WASHINGTON (August 7, 2001) – Investment frauds that take advantage of victims’ religious or spiritual beliefs are rising dramatically, state securities regulators warned Tuesday, with losses in three large cases – Greater Ministries International Church, the Baptist Foundation of Arizona and the IRM Corporation – approaching $1.5 billion.
The warning about religious-based investment scams at a news conference at the National Press Club followed the Monday sentencing of Greater Ministries International Church founder Gerald Payne in federal district court in Tampa, Florida on fraud and conspiracy convictions. Payne was sentenced to 27 years in prison, while his wife, Betty, was sentenced to nearly 13 years in prison. Other Greater Ministries principals will be sentenced throughout the week in Tampa.
Between 1993 and 1999, Greater Ministries took in nearly $580 million, promising tens of thousands of investors that the church would double their money through divinely-inspired investments in the foreign currency market and gold, silver and diamond mines in Africa and the Caribbean.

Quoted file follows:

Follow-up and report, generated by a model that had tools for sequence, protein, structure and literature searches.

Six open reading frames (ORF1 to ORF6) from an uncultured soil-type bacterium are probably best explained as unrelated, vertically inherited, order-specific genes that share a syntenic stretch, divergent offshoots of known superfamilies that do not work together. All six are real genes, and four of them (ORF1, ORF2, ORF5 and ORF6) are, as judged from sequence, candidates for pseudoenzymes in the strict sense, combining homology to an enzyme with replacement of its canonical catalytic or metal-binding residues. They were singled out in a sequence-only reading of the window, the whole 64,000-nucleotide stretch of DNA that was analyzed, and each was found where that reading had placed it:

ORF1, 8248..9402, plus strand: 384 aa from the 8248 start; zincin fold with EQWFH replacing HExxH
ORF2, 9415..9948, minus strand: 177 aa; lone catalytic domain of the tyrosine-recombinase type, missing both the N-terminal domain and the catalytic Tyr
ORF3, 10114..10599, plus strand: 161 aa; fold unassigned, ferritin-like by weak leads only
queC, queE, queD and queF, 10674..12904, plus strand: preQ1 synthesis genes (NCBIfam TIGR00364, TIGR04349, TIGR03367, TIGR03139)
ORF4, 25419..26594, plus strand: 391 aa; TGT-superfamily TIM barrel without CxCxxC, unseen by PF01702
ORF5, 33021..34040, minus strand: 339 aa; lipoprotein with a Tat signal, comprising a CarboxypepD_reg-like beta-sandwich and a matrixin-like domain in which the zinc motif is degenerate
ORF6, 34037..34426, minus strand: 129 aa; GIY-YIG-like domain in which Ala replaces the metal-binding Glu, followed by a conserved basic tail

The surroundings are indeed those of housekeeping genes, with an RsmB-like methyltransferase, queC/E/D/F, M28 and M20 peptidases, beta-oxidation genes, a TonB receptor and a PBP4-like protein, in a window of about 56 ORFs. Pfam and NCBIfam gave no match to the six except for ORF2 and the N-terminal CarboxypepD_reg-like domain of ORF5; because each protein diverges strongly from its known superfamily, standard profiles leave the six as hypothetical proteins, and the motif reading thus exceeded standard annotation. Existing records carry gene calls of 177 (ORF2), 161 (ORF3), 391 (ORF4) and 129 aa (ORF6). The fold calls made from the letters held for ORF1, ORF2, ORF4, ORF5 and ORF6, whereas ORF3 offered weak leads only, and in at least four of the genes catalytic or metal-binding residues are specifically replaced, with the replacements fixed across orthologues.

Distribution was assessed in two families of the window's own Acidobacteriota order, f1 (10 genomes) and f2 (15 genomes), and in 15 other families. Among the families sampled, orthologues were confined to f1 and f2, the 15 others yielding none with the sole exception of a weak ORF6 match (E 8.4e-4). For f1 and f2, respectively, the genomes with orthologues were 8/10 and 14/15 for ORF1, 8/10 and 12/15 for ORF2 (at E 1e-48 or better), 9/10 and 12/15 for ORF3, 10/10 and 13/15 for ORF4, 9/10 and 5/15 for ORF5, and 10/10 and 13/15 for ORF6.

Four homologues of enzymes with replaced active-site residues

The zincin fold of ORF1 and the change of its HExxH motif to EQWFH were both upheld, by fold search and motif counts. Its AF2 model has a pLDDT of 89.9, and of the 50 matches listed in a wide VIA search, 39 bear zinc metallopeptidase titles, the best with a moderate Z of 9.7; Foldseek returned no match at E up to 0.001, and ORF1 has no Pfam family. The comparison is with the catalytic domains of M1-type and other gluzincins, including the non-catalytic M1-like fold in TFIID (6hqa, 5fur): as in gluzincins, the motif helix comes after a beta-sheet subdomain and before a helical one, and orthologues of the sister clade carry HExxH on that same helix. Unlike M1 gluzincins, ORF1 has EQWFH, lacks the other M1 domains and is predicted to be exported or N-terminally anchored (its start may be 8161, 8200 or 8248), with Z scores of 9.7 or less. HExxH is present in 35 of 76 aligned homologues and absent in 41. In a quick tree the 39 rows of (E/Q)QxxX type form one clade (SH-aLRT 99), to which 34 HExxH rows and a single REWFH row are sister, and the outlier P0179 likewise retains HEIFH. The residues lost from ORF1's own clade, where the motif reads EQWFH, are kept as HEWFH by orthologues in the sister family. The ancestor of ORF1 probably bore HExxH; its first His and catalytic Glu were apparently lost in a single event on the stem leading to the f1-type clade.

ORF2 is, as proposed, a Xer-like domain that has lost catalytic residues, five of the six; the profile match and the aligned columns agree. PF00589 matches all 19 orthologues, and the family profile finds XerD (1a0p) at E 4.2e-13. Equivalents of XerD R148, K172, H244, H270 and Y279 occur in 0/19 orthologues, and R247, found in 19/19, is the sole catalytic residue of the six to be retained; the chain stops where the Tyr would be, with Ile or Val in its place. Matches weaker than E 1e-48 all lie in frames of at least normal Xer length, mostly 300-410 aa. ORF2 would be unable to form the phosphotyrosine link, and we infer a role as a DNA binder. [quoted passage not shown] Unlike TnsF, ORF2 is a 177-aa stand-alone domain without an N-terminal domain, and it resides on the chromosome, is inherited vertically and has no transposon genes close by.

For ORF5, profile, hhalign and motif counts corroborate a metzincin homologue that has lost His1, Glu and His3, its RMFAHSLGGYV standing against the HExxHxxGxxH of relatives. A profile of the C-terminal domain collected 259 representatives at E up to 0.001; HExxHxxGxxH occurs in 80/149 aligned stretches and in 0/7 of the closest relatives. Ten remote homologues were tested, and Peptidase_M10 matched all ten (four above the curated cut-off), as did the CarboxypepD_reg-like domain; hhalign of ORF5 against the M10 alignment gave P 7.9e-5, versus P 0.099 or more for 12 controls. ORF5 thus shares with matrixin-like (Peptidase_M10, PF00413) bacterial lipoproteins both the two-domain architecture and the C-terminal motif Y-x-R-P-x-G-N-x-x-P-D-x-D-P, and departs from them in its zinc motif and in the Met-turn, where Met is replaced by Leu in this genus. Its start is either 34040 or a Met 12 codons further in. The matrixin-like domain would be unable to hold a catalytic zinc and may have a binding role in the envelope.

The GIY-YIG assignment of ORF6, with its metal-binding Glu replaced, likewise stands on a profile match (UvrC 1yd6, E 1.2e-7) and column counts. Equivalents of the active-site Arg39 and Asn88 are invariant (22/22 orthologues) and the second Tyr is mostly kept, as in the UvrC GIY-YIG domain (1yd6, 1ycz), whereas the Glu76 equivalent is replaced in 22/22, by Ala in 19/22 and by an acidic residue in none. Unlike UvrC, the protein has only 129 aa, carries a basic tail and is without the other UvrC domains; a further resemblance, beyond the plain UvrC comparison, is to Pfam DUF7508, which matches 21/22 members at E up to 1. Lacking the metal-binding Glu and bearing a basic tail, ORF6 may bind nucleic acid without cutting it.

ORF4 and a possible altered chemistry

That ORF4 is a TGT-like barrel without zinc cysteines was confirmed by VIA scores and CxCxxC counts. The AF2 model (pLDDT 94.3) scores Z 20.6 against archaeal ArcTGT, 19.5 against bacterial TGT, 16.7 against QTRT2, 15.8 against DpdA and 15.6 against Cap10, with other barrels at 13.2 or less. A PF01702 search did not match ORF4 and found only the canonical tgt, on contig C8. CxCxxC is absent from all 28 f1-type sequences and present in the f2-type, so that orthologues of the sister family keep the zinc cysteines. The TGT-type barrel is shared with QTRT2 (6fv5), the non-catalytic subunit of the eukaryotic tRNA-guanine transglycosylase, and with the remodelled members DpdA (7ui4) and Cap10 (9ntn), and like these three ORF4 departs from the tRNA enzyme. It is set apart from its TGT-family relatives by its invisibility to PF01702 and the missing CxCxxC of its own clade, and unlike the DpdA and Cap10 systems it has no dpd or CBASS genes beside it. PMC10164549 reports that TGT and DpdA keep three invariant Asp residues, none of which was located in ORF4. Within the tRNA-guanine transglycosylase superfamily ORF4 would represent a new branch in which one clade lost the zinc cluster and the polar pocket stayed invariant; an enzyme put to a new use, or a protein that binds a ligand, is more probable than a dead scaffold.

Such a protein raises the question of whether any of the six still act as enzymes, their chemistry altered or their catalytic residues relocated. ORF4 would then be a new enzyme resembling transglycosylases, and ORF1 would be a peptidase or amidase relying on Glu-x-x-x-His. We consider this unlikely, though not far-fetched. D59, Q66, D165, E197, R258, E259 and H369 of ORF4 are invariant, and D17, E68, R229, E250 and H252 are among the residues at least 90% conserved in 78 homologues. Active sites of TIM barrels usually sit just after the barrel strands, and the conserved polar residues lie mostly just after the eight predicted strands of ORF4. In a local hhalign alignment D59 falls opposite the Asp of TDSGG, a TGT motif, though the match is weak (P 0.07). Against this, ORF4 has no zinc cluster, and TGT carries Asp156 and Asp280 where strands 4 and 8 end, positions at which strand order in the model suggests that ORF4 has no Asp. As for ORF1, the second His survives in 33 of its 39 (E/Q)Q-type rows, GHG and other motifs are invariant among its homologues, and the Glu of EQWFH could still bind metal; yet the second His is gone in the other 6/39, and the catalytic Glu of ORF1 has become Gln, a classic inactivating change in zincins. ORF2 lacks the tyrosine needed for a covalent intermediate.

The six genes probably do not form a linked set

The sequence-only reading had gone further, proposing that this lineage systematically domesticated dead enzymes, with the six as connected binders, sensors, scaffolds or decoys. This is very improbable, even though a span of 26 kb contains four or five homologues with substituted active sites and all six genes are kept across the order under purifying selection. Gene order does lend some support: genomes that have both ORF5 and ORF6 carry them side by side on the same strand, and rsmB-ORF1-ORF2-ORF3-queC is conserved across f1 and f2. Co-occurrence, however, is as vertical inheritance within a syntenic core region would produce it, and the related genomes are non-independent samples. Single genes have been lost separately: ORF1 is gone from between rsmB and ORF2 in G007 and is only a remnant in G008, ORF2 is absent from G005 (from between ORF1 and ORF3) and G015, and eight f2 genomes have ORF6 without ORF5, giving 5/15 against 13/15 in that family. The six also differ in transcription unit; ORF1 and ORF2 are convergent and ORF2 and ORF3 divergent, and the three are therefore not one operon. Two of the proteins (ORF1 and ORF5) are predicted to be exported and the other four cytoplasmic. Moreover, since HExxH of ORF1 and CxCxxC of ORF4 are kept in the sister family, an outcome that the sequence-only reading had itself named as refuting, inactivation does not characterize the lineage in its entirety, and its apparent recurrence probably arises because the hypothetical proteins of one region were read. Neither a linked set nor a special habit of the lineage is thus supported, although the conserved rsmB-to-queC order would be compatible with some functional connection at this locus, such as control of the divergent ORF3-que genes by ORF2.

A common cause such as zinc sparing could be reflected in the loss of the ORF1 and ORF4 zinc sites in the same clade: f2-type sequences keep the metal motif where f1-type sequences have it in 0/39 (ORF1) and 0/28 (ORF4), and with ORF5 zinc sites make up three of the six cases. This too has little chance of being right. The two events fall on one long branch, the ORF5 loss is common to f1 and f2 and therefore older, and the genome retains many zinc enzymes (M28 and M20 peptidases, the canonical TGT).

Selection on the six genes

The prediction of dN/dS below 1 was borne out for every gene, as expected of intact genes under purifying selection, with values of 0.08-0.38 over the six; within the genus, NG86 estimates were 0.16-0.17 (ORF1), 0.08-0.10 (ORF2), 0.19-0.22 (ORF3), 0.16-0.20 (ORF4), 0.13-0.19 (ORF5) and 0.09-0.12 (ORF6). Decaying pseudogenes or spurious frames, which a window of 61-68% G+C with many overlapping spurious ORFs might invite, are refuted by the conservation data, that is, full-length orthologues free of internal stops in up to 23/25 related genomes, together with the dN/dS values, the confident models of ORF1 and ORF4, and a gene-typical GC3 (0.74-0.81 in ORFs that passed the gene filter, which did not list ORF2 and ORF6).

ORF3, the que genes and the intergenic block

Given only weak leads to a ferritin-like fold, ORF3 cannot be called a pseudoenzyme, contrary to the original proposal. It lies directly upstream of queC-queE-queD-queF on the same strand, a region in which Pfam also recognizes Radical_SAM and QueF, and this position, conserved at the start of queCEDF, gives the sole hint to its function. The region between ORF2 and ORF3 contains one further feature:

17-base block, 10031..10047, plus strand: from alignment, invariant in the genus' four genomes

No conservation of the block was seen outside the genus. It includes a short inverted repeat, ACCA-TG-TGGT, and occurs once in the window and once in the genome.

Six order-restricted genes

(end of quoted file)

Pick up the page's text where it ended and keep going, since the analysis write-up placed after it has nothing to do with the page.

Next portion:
State securities regulators say the Greater Ministries’ fraud illustrates how large, sophisticated and pervasive religious-based investment scams are becoming. Over the past three years, securities regulators in 27 states have taken actions against hundreds of companies and individuals that used religious or spiritual beliefs to gain the trust of investors – over 90,000 nationwide – before swindling many of them out of their life savings.
“I’ve been a securities regulator for 20 years, and I’ve seen more money stolen in the name of God than in any other way,” said Deborah Bortner, director of securities for Washington state and NASAA president. “When you invest you shouldn`t let your guard down merely because someone is appealing to your religion or your faith. Always do your homework. Be as skeptical and careful when you invest with someone who shares your faith as you would with anyone else.”